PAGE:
and the bases at the outer ends of the formers define the edges of the extensions to the upper face and are preferably connected to a peripheral strip-metal frame member. A thin layer of padding 19 covers the spring interior l3 and its extensions, and the whole is enclosed within a fabric cover 20.

The present invention is related to that which is the subject of our US. Pat. No. 1,1 13,772 and articles may embody both the present invention and the invention which is the subject of that patent.

What is claimed is:

1. A spring interior comprising a plurality of compression-spring elements disposed in an array, the ends of the spring elements defining at least part of first and second main faces, a plurality of helical wires disposed in said main faces of the spring interior, the helical wires linking adjacent compression-spring elements, at least the first main face being non-planar and having varying contours, and at least one stiff yet resilient former of elongate but non-rectilinear shape, at least a part of which extends lengthwise of one of said helical wires in said first main face and determining at least to some extent the varying contours of that face.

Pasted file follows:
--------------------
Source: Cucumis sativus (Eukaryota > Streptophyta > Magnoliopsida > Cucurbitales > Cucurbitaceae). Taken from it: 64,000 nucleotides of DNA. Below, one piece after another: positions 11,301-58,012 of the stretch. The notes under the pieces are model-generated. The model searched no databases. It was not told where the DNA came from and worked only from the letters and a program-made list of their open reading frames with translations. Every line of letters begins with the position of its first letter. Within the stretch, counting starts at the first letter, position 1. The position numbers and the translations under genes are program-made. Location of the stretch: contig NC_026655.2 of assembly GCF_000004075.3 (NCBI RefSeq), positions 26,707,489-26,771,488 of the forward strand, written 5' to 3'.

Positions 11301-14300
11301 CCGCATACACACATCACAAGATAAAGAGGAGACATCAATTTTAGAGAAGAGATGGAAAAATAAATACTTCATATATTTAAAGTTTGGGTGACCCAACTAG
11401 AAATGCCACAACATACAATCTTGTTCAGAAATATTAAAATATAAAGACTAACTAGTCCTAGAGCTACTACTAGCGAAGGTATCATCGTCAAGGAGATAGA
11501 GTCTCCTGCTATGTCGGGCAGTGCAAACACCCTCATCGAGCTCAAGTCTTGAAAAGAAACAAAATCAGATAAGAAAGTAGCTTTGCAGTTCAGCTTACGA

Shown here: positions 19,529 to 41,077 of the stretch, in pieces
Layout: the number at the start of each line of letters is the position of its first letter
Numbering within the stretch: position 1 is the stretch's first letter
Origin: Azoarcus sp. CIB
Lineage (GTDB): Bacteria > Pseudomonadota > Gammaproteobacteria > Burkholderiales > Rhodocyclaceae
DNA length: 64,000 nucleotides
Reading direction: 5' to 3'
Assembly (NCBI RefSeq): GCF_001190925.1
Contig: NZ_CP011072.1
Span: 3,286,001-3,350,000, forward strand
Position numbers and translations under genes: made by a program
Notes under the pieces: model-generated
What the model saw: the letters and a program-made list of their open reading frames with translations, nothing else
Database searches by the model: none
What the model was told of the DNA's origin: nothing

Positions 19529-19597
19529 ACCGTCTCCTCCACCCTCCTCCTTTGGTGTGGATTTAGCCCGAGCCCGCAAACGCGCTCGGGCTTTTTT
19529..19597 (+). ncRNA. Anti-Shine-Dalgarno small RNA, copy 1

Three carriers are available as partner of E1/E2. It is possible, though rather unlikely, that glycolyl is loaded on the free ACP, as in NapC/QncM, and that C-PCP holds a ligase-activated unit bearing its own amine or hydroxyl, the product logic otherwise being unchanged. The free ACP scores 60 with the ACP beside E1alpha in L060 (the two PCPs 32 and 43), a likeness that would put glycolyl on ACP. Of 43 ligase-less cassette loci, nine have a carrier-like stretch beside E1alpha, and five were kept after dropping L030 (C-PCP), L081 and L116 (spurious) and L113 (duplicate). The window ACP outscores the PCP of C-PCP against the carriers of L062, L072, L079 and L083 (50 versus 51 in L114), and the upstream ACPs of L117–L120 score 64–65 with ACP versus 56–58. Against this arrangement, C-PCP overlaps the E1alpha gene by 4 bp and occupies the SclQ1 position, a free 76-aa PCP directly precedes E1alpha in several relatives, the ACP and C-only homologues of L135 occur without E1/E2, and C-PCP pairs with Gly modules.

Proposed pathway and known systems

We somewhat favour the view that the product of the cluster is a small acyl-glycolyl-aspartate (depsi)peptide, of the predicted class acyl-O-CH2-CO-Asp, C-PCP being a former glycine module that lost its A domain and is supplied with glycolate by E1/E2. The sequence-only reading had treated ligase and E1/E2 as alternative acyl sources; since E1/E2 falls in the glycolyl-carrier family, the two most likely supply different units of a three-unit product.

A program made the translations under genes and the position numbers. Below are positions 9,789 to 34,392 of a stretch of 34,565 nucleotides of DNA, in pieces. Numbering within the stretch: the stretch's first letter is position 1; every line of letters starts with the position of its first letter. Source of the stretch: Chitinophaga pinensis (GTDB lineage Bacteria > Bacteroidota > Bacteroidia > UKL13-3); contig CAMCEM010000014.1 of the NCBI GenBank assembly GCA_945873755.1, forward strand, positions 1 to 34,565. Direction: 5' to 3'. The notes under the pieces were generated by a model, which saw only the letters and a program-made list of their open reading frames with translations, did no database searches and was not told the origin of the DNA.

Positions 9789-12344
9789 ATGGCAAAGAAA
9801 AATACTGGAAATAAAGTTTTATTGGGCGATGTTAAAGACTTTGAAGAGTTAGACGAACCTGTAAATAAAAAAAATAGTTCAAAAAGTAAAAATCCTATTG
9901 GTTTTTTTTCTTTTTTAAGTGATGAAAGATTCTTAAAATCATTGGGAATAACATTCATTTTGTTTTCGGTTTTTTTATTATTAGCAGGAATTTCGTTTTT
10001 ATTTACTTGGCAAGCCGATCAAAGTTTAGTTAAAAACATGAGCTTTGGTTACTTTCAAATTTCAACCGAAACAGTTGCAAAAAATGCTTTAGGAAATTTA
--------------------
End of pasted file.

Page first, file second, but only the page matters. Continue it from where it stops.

2. A spring interior according to claim 1 in which there are a plurality of substantially parallel helical wires disposed in said first main face of the spring interior, and there are a plurality of formers each comprising two spaced substantially parallel limbs of nonrectilinear shape and a base integral with the limbs at one end of each former, the two substantially parallel limbs of each former being inserted into two of said substantially parallel helical wires disposed in said first main face.

3. A spring interior according to claim 2 in which parts of the limbs project from the helical wires to define an extension portion of said first main face, and the bases of the formers are mutually aligned to define the outer edge of said extension portion.

Patent Citations
Cited PatentFiling datePublication dateApplicantTitle
US999678 *Mar 30, 1911Aug 1, 1911Charles W SchultzSeat-back spring.
US1179062 *Nov 6, 1911Apr 11, 1916William G SullivanSpring seat and back.
US2656880 *Jun 25, 1951Oct 27, 1953Arthur H GraupnerDual edging
US3085260 *Dec 6, 1960Apr 16, 1963Daniel F CaldemeyerEdge roll structure
US3454054 *Mar 13, 1967Jul 8, 1969Slumberland Group LtdSpring seats and the like articles
Referenced by
Citing PatentFiling datePublication dateApplicantTitle
US4286344 *Dec 21, 1979Sep 1, 1981France Bed Co., Ltd.Mattress
US5233711 *May 10, 1991Aug 10, 1993Tachi-S Co., Ltd.Cushion body and method of forming same
Classifications
U.S. Classification267/143, 5/256, 5/260, 267/107
International ClassificationA47C27/06, A47C23/04, A47C23/00, A47C27/04
Cooperative ClassificationA47C23/04
European ClassificationA47C23/04